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Brief Funct Genomics. 2013 Jul;12(4):291-304. doi: 10.1093/bfgp/elt015. Epub 2013 Jun 29.

Postgenomic analysis of bacterial pathogens repertoire reveals genome reduction rather than virulence factors.

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Aix Marseille Université, Marseille, France.


In the pregenomic era, the acquisition of pathogenicity islands via horizontal transfer was proposed as a major mechanism in pathogen evolution. Much effort has been expended to look for the contiguous blocks of virulence genes that are present in pathogenic bacteria, but absent in closely related species that are nonpathogenic. However, some of these virulence factors were found in nonpathogenic bacteria. Moreover, and contrary to expectation, pathogenic bacteria were found to lack genes (antivirulence genes) that are characteristic of nonpathogenic bacteria. The availability of complete genome sequences has led to a new era of pathogen research. Comparisons of genomes have shown that the most pathogenic bacteria have reduced genomes, with less ribosomal RNA and unorganized operons; they lack transcriptional regulators but have more genes that encode protein toxins, toxin-antitoxin (TA) modules, and proteins for DNA replication and repair, when compared with less pathogenic close relatives. These findings questioned the paradigm of virulence by gene acquisition and put forward the notion of genomic repertoire of virulence.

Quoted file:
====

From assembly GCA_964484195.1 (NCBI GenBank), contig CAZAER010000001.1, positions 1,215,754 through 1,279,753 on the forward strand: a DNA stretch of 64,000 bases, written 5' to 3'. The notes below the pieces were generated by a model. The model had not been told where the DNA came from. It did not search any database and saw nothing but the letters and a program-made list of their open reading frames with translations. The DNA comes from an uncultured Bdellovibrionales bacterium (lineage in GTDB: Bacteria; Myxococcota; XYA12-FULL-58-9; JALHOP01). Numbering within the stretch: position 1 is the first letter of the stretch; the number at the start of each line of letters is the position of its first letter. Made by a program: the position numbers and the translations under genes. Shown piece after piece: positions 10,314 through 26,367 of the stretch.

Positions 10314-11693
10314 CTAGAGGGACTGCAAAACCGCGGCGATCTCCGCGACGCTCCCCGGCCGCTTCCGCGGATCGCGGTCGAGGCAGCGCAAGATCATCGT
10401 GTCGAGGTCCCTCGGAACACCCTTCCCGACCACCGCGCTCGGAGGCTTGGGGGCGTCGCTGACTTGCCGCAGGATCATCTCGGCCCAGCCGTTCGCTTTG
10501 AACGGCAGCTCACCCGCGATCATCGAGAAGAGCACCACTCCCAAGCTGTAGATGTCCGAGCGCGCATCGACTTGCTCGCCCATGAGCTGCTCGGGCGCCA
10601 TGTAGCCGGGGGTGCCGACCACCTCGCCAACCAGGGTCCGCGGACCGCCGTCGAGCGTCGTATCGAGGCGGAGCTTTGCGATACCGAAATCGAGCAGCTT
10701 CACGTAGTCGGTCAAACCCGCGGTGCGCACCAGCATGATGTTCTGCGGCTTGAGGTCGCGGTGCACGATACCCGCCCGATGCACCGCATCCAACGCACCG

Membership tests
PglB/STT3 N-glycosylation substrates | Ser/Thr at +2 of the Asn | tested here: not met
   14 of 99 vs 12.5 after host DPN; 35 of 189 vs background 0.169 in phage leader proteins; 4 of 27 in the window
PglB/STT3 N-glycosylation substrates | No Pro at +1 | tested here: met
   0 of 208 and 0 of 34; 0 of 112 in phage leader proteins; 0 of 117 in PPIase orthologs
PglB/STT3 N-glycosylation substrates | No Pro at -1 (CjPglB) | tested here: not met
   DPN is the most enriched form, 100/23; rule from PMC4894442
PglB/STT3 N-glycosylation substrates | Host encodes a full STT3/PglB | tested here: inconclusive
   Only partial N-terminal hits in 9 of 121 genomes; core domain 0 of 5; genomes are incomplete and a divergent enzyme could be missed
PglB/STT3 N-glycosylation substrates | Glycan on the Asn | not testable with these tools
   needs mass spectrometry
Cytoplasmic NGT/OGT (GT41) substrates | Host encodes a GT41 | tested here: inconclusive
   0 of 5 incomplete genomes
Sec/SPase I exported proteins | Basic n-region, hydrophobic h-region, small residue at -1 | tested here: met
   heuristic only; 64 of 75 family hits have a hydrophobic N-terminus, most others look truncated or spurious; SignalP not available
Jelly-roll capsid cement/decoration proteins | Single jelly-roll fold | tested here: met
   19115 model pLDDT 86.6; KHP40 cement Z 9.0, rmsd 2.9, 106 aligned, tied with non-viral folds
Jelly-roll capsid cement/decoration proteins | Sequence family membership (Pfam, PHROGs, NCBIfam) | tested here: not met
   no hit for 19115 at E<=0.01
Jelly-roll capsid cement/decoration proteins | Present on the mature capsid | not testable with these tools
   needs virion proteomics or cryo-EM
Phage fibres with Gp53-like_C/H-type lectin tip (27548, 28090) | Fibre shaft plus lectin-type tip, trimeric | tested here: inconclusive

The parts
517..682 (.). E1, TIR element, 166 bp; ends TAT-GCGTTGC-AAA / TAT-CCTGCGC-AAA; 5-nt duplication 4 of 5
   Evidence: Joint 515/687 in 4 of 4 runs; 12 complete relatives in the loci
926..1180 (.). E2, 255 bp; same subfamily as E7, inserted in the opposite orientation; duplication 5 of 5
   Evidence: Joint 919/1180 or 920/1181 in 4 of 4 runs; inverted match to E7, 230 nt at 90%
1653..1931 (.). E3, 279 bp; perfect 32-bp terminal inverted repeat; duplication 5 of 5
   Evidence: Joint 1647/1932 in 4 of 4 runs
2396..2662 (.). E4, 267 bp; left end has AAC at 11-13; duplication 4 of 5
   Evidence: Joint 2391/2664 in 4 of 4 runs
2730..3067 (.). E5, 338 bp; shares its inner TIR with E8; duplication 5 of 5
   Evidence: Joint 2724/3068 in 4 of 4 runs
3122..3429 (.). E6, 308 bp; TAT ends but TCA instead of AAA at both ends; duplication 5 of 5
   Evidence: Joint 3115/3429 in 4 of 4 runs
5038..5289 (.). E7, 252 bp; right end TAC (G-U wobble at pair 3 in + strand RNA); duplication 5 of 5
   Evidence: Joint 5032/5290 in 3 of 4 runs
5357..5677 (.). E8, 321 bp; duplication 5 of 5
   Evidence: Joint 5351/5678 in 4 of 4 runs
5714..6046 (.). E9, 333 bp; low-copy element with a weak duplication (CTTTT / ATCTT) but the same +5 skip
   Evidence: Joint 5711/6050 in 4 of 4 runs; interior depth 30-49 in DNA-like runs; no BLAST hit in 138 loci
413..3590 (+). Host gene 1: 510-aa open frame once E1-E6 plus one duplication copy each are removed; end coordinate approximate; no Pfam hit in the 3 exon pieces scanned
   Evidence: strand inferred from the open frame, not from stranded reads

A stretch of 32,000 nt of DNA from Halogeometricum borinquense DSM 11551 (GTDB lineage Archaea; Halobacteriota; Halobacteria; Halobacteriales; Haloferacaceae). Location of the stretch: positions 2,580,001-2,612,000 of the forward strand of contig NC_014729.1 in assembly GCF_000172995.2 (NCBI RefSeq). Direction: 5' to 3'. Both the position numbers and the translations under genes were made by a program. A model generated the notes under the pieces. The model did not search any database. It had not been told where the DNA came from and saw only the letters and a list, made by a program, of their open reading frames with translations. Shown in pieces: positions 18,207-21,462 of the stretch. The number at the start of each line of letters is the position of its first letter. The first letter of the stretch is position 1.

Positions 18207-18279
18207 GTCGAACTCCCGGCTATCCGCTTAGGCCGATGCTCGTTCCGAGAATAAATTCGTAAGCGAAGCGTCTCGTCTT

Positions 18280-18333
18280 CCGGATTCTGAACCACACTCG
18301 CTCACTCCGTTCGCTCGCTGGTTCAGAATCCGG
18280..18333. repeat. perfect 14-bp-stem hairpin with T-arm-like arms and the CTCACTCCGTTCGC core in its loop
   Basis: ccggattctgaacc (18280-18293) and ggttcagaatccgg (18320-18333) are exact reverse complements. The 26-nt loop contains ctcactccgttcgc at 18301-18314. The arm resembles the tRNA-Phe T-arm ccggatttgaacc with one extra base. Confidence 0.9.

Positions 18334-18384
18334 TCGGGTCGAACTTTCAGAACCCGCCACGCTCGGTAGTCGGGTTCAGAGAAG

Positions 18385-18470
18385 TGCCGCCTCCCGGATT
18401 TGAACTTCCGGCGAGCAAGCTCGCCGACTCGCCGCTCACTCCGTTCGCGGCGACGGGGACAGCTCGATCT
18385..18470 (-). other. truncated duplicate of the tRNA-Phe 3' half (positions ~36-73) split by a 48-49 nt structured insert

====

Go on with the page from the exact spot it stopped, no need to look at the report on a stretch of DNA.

antivirulence genes; microbial genomics; pathogenicity; reductive evolution; toxin

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